International Resorts Step Up Testing Options In Response to New CDC Rules

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On January 12, the CDC announced it would be requiring all international travelers, including U.S. citizens, to show proof of a negative COVID-19 test from within 72 hours of departure in order to board a flight to the States. Many Caribbean and Central American hotels and resorts—two of the few areas accepting American travelers amid the ongoing pandemic—were surprisingly well-prepared. 

“We’ve been offering testing since before Christmas,” says Wendy Eardley, resident manager at Curtain Bluff in Antigua. “We have many guests from the Northeast who were asking for tests before they headed back so they could test out of quarantine or guests who were going to another island that required them.”

Before the COVID testing order, which goes into effect on January 26, was announced, Curtain Bluff’s on-call resort doctor was swabbing guests who asked for rapid antigen or PCR tests in their rooms. Now, to keep up with the heightened demand, the doctor will begin holding office hours three days a week in a hotel room set aside specifically for testing. The tests, whether PCR or rapid, cost $250 ($200 is the government-set price, with $50 added for the doctor’s fee) and the resort’s concierge helps set up the appropriate appointment time based on your destination’s timing requirements. 

Like Curtain Bluff, Nayara Resort, Spa & Gardens in the lush Arenal region of Costa Rica repurposed its on-site doctor and nurse for testing guests, with one difference. “All of our rooms have oversized decks or balconies so our doctor and nurse will come and actually do the test outdoors on the balcony,” says owner Leo Ghitis. The $275 tests are then taken by courier to the main hospital in San José, Costa Rica’s capital. Results are emailed back within 48 hours. 

“We’re lucky that we have this technology and that it’s so easy,” Ghitis says. “When [the requirement] was first announced, people got a little concerned and we had some cancellations. Everybody that has called to make a reservation since wants to know about [our testing options], without exception. But once we explain how easy it is, I think people feel reassured.”

Some hotels, like Sonesta Ocean Point Resort on Sint Maarten, are offering credits to help counter the costs that guests can incur with testing requirements for both arrival to the island and departure to the U.S. The all-inclusive resort is currently offering a $120 credit to offset testing costs and the insurance required to enter the island. “It allows guests to do room upgrades, buy some wine that’s outside of our all-inclusive program, or enjoy a spa treatment,” says Sonesta’s vice president of resort operations, Jamie Lee. Now that the resort is offering on-site rapid tests for $50 (with results picked up after 6 p.m. each day at the concierge), guests can also use the credit toward the COVID-19 test.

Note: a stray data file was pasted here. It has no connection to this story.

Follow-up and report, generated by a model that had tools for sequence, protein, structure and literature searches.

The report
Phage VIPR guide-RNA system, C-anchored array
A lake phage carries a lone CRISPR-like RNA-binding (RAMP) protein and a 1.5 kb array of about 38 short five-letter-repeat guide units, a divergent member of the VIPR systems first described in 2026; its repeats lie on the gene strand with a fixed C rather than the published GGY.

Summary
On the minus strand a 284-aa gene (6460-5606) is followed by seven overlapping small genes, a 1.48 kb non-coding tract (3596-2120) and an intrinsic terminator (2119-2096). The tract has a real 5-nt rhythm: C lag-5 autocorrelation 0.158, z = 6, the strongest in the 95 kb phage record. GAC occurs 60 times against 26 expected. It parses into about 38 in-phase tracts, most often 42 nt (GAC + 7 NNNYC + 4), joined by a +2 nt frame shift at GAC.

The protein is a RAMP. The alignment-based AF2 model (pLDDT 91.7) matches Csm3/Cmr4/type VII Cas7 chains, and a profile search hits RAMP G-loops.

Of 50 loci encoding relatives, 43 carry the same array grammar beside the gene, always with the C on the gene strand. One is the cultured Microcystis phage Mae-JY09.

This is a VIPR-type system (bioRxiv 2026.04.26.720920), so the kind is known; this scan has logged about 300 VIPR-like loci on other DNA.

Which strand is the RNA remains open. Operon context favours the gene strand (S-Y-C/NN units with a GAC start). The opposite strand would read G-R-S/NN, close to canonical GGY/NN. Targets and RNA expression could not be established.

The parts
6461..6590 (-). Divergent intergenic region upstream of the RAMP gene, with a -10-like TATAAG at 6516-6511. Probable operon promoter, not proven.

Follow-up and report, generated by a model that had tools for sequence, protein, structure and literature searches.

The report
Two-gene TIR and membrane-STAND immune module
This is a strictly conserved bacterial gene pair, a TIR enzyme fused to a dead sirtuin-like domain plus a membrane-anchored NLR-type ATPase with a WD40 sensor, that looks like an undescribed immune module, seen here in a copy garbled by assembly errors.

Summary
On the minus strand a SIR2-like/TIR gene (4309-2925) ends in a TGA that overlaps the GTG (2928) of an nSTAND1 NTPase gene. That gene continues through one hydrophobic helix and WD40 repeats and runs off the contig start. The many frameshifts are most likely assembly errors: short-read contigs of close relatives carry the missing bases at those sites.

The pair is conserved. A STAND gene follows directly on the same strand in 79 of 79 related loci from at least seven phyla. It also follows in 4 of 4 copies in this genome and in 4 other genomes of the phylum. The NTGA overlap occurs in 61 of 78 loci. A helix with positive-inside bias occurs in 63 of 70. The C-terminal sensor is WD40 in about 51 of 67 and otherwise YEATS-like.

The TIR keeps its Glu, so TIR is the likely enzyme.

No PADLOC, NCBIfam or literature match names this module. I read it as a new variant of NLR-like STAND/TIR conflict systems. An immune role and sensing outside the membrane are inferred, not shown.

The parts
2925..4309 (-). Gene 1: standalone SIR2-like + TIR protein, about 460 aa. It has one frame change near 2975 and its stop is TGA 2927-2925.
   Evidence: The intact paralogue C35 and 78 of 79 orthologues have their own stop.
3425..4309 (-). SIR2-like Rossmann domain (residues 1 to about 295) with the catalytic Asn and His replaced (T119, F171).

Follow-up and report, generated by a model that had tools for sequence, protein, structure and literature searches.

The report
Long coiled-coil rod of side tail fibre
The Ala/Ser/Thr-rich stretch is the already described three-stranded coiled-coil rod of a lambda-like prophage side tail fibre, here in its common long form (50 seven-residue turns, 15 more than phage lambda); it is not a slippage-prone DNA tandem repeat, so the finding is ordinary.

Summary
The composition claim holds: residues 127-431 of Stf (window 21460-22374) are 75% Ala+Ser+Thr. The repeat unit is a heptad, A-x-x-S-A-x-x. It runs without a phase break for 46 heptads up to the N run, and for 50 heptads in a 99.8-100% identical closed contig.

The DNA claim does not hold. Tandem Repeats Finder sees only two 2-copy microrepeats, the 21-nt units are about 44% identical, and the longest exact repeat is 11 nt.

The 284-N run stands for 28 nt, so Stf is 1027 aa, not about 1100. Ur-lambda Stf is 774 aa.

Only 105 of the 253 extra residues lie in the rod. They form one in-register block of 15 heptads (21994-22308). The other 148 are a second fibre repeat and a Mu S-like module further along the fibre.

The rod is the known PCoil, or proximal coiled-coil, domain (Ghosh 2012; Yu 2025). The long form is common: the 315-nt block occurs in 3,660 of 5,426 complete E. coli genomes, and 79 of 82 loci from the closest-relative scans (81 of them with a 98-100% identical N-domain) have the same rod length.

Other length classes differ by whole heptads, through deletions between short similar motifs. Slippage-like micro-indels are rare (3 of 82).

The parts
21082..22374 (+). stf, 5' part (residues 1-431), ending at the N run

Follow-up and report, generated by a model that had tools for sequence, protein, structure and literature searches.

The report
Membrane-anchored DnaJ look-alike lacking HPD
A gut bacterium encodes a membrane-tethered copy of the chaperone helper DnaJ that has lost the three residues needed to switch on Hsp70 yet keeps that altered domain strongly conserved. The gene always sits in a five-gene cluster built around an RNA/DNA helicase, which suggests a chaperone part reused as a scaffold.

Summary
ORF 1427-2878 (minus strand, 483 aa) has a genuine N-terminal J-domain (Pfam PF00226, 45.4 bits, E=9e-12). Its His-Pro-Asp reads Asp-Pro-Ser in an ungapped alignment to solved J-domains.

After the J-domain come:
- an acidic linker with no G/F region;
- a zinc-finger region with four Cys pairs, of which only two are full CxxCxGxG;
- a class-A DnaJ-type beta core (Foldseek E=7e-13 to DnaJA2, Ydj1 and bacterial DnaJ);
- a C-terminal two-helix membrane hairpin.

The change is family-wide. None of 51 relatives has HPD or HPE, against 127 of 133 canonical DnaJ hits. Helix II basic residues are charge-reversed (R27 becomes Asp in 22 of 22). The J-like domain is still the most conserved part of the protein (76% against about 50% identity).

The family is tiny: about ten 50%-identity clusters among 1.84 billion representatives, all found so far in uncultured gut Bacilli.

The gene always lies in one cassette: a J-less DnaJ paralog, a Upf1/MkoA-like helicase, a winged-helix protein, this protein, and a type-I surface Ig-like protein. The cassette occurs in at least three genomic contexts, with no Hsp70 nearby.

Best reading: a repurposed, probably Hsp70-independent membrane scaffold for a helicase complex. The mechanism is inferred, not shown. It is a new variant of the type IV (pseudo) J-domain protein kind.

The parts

Many more hotels have publicized their COVID testing offerings since the requirement was first announced earlier this month. For example, Eden Roc Cap Cana in the Dominican Republic is now offering free PCR and rapid antigen testing in guests’ rooms. Morocco’s Royal Mansour resort has been offering on-site PCR tests for $78 since it reopened in October. And domestic hotels like the W South Beach Hotel and the Chateau Marmont are offering on-site testing to comply with certain state arrival guidelines. 

According to the CDC, “postponing travel and staying home is the best way to protect yourself and others from COVID-19” and non-essential travel is not encouraged. For those who do continue to travel, testing plays a major role. Aside from being required to test before returning to the U.S., the CDC recommends getting tested three to five days after your return and reducing all non-essential activities for seven days, even if your test results are negative. International travelers will also have to quarantine under an executive order, introduced on January 21 by President Biden. The specifics of the restrictions are being worked out by a number of federal agencies, so for now, the order requires international air travel passengers to follow CDC recommendations and quarantine for 10 days on arrival, in addition to providing negative COVID-19 test results. 

We’re reporting on how COVID-19 impacts travel on a daily basis. Find our latest coronavirus coverage here, or visit our complete guide to COVID-19 and travel.

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